Thursday, 22 September 2016

Link Found Between Pre-Eclampsia and Diabetes Later in Life

Research led by ISTM and published this week in Diabetologia (the journal of the European Association for the Study of Diabetes) has identified a new link between pre-eclampsia in pregnancy and the development of diabetes in later life.

The condition, which results in high blood pressure and protein in the mothers’ urine, affects 5-8% of pregnancies and is the most common cause of severe perinatal ill health. The study showed that pre-eclampsia is independently associated with a two-fold increase in future diabetes. This increased risk occurs from less than 1 year after delivery of the baby and persisted to over 10 years after birth.

Dr Pensee Wu, ISTM

Dr Pensee Wu, Lecturer in Obstetrics and Gynaecology at ISTM, is the first author of this publication and said:

“This study highlights the importance of clinical risk assessment and follow-up for the future development of diabetes in women with pre-eclampsia. Understanding of health conditions during pregnancy and their impact on health over a woman’s life is vital in the prevention of conditions such as diabetes.

“Ensuring women are screened regularly and take preventative measures through diet and exercise could help reduce the number of women who later contract diabetes after experiencing pre-eclampsia during pregnancy.”

The study involved a systematic review of research over the past 10 years, much of which was conflicting about the impact of pre-eclampsia later in life.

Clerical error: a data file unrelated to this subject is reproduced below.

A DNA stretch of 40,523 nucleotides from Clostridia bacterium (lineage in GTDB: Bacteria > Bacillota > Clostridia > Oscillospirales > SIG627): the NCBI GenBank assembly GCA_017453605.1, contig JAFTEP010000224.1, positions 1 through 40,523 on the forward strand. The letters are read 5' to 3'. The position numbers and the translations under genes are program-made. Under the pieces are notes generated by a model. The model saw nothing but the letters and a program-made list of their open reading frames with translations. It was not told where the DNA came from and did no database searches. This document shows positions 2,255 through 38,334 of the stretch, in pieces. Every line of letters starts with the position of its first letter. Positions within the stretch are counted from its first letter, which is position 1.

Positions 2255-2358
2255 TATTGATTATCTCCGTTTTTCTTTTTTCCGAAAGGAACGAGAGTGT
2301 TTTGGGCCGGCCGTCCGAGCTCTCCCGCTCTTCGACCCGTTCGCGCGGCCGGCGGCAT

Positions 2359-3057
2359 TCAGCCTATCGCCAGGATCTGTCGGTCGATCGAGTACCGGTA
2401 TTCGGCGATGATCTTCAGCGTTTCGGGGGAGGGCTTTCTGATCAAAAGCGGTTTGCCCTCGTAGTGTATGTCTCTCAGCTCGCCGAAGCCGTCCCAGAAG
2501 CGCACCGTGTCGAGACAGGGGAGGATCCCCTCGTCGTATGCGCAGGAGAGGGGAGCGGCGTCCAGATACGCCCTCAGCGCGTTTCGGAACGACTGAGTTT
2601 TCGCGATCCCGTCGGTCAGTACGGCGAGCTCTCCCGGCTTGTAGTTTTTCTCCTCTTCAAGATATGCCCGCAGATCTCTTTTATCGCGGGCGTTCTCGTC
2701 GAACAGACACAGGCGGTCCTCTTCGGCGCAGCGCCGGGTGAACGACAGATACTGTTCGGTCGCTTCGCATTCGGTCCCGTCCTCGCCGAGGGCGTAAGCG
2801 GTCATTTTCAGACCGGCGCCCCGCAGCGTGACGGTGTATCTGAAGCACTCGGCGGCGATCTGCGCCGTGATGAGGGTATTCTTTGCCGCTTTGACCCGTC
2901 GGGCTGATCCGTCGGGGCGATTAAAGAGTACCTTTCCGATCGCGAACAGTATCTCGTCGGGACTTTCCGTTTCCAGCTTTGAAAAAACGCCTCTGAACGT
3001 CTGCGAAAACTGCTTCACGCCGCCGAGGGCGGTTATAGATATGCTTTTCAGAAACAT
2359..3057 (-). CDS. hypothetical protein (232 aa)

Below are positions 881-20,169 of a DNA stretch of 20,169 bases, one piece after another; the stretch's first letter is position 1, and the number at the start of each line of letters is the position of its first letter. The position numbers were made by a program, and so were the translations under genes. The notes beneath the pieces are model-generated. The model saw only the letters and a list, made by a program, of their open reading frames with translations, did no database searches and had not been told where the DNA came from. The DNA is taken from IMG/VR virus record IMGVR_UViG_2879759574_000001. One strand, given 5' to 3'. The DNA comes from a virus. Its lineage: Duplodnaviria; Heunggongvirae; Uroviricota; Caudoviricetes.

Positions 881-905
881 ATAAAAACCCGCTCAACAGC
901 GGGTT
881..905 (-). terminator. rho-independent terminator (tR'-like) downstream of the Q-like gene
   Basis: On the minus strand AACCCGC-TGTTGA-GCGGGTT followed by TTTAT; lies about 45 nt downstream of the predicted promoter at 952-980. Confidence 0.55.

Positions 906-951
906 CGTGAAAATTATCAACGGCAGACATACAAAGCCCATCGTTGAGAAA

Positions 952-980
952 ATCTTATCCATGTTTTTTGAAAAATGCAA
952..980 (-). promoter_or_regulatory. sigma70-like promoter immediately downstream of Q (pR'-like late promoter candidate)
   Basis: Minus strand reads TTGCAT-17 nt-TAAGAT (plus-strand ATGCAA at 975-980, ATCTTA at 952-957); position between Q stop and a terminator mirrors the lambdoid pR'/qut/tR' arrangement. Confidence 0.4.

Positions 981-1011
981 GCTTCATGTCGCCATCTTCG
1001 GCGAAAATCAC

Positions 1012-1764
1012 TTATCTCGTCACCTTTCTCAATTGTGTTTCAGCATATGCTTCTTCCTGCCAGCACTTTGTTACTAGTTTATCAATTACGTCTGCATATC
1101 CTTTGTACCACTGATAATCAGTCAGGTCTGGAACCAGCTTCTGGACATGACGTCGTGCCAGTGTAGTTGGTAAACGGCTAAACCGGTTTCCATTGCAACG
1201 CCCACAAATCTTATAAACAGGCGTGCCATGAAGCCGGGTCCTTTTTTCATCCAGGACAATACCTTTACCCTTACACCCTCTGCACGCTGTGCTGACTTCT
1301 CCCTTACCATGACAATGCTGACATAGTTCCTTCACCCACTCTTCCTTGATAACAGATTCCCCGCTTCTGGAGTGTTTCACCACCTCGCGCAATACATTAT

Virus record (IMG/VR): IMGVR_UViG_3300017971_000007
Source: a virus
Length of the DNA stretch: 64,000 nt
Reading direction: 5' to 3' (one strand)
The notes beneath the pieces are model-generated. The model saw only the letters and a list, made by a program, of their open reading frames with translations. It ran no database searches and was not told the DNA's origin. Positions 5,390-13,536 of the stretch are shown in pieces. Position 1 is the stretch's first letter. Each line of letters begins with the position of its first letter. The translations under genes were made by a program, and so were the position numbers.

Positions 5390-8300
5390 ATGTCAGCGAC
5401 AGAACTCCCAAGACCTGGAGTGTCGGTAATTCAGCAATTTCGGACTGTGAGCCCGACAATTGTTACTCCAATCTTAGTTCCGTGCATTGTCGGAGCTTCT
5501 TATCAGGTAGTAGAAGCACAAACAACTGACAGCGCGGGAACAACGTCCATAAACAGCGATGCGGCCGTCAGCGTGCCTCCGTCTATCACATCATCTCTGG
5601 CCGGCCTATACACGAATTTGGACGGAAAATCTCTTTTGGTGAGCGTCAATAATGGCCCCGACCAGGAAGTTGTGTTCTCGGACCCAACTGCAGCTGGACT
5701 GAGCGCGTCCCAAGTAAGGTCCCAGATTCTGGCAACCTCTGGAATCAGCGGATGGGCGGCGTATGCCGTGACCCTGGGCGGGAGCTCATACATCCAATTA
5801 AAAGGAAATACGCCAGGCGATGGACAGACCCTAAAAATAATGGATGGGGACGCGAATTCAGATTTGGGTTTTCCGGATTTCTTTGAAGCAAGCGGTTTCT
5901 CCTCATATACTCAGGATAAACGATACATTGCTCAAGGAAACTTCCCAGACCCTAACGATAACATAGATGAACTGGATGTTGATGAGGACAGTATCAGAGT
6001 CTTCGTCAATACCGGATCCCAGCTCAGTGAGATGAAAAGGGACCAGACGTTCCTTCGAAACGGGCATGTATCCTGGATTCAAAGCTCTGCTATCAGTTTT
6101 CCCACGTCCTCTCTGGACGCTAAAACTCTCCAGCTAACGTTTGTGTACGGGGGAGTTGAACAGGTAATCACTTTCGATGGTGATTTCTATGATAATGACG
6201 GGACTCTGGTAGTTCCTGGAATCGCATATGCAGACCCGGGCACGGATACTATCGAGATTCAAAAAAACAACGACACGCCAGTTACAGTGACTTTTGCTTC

The understanding of the long term impact of women’s health following pre-eclampsia is however growing. The American Heart Association has linked pre-eclampsia to longer term cardiac conditions.

“Diabetes is a multi-organ condition. If we can prevent it from developing early on, it could dramatically reduce the risks of serious health issues later in life for women after birth” says Dr Wu.

Researchers hope that dissemination of this study to clinicians, particularly those in Primary Care health provision, will inform practice and longer term preventative measures.

As well as being a Lecturer in Obstetrics and Gynaecology at ISTM, Dr Pensee Wu is also an Honorary Consultant Obstetrician and Fetal Medicine Subspecialist at the University Hospital of North Midlands (UHNM).

This study was supported by a grant from the North Staffs Heart Committee and the National Institute for Health Research Academic Clinical Fellowships. This study was a collaboration between UHNM Academic Obstetrics and Gynaecology, Keele Cardiovascular Research Group, Institute for Primary Care and Health Sciences at Keele University and the Institute of Applied Health Sciences at the University of Aberdeen. The authors are: Pensee Wu, Chun Shing Kwok, Randula Haththotuwa, Rafail Kotronias, Aswin Babu, Anthony Fryer, Phyo Myint, Carolyn Chew-Graham and Mamas Mamas.

Wednesday, 21 September 2016

ISTM Translate - Issue 4: Nanopharmaceutics

The latest issue of the ISTM Translate magazine is now available in digital and print format. The theme focus for this issue is nanopharmaceutics.

There are contributions from Dr Clare Hoskins, Dr Anthony Curtis, as well as other members of the Keele Nanopharmaceutics Group.  Articles include...

· Medicine at the small scale:  The exponential growth in nanopharmaceutics

· Programming death in cancer cells:  Novel technologies improving long-term prognosis

· The great solubility challenge:  Investigating potential in targeted drug delivery

· Theranostic Advances:  The knowledge and fabrication of nanotechnologies

· Nanopharmaceutics Symposium:  Successful second annual event at Keele University

· Spotlight:  The people behind ISTM

· Public engagement:  Bringing research closer to people

· Taking advantage of change:  A new streamlined Institute structure for ISTM

By clicking here you can access the online digital version of Translate Issue 4. Alternatively you can request a paper copy by contacting: